The United Kingdom and European Union have agreed on the text of the Brexit withdrawal agreement, but it will only get the go-ahead if the European Parliament and UK Parliament approve it. Once ratified, there is a transition period that runs until the end of 2020, if it’s not extended for another two years (which is possible). During the transition time, businesses will be in the same position as today and retain the benefits that come with a single market and a customs union.
All EU members, plus Norway, Iceland and Liechtenstein, are part of the EEA (European Economic Area). Along with the DPD (Data Protection Directive), or the DPA (Data Protection Act 2018) for the UK, this allows for the relatively uncomplicated transfer of data for countries within the collective group.
Related Reading: Brexit and the GDPR: What You Need to Know
For any non-EEA country that wishes to exchange data with a business inside the EEA, things are somewhat more complicated. These countries, which could include the UK if Brexit is finalized, require what’s called an “adequacy decision.” This decision process is normally quite lengthy, and as such the UK government has stated that it can’t guarantee an adequacy decision will be in place by the time the UK leaves the EU.
The fact that the UK, in its role as an EU member state, has enforced GDPR may well speed up the adequacy decision process. The GDPR already prohibits personal data being transferred or accessed by countries outside of the EEA unless the rights and freedoms of the individuals involved are protected.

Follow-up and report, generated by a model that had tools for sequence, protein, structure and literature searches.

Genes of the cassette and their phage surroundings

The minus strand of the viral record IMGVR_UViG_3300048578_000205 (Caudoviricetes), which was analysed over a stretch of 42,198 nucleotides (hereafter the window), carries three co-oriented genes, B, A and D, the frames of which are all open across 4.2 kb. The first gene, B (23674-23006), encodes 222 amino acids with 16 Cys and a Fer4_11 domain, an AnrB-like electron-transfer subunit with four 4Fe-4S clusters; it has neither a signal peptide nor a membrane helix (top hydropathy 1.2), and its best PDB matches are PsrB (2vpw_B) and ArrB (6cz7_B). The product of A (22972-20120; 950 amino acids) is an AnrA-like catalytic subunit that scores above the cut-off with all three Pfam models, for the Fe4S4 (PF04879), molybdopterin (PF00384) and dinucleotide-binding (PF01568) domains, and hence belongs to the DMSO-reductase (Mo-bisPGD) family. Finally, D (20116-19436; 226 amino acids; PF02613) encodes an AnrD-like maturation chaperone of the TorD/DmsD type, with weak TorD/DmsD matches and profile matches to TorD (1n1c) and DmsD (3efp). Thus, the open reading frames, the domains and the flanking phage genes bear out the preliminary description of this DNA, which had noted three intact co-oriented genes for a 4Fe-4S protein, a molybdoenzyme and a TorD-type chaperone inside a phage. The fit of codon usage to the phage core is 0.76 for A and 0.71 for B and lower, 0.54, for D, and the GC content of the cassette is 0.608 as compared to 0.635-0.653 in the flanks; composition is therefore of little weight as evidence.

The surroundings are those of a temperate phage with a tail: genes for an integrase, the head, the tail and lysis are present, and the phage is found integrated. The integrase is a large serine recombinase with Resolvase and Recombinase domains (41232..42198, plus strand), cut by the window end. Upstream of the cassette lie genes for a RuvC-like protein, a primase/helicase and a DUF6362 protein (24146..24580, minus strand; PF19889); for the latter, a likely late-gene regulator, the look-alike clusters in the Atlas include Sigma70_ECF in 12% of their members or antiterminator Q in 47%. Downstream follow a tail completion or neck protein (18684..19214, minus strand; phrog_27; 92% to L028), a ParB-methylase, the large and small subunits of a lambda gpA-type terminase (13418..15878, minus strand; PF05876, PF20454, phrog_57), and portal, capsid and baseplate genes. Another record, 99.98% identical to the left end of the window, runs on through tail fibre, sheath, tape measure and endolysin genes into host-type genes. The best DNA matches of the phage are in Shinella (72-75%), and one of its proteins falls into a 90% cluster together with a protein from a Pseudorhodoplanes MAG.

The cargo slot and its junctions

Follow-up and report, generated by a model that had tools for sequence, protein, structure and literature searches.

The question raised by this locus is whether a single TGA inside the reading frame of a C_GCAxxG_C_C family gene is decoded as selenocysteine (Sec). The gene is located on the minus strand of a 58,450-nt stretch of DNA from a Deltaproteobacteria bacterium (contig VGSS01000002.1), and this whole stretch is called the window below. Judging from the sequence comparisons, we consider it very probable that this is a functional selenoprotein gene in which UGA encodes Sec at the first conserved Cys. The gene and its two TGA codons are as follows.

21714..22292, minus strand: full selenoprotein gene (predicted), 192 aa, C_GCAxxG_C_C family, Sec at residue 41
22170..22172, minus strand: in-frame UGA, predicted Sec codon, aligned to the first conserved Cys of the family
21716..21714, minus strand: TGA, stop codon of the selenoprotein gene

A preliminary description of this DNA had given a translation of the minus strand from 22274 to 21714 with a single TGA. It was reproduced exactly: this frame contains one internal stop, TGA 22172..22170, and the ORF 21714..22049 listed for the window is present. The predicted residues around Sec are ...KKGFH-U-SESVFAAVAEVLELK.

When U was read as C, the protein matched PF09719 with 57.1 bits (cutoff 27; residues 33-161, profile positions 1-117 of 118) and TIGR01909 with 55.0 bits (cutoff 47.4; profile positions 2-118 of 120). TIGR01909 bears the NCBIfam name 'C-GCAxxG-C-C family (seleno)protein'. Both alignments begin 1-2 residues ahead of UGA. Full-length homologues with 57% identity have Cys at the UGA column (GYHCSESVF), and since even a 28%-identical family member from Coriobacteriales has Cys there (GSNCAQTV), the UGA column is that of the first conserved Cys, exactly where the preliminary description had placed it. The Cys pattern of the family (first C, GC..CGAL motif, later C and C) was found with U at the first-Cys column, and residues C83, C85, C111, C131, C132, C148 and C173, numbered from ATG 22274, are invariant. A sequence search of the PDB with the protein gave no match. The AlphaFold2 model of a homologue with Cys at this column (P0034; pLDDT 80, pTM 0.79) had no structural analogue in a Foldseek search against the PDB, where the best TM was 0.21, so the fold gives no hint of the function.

Unfortunately, it’s still too early to say.
Though it’s been over 1000 days since the UK’s referendum on Brexit, which took place on June 23rd 2016, we can’t yet tell how things will change. Much of what may change depends on whether the UK just leaves the EU or decides to leave the EEA too. If the UK remains a part of EEA, then the controls around the transfer of data in and out of the UK will likely remain similar to what it is today. If the UK also leaves the EEA, all sorts of complications may come into play.
For now, all we can do is watch and wait.
Whether your business is in the EU, EEA, or falls outside of these areas, with so many current unknowns, data exchange processes could be subject to change.
To best help prepare for these unknowns, GoAnywhere advocates for the use of secure protocols, like SFTP, FTPS, SCP, HTTPS, or AS2 to secure data in transit, as well as encryption technologies like Open PGP, GPG, or Zip with password protection to protect information at rest.
Together, these protocols and technologies will help you comply with strict cybersecurity requirements for personal information no matter where it resides in your business.
Related Reading: GDPR Compliance for File Transfers
For those in retail or ecommerce, GoAnywhere is also Drummond Certified for AS2 file transfers. The Drummond standard spans member states, unions, countries, and contidents, so the sender and the recipient can reside in or out of the EU or EEA. It doesn't matter where you or your trading partners reside; location has no impact on the success or security of GoAnywhere’s AS2 transfers.
GoAnywhere, a secure managed file transfer (MFT) solution from HelpSystems, supports the user-to-user, server-to-server, and application-to-application file transfers exchanged by organizations worldwide. GoAnywhere can automate and transfer data on-premises, within hybrid environments, or in the cloud from a single, central point of administration, allowing you to stay in control.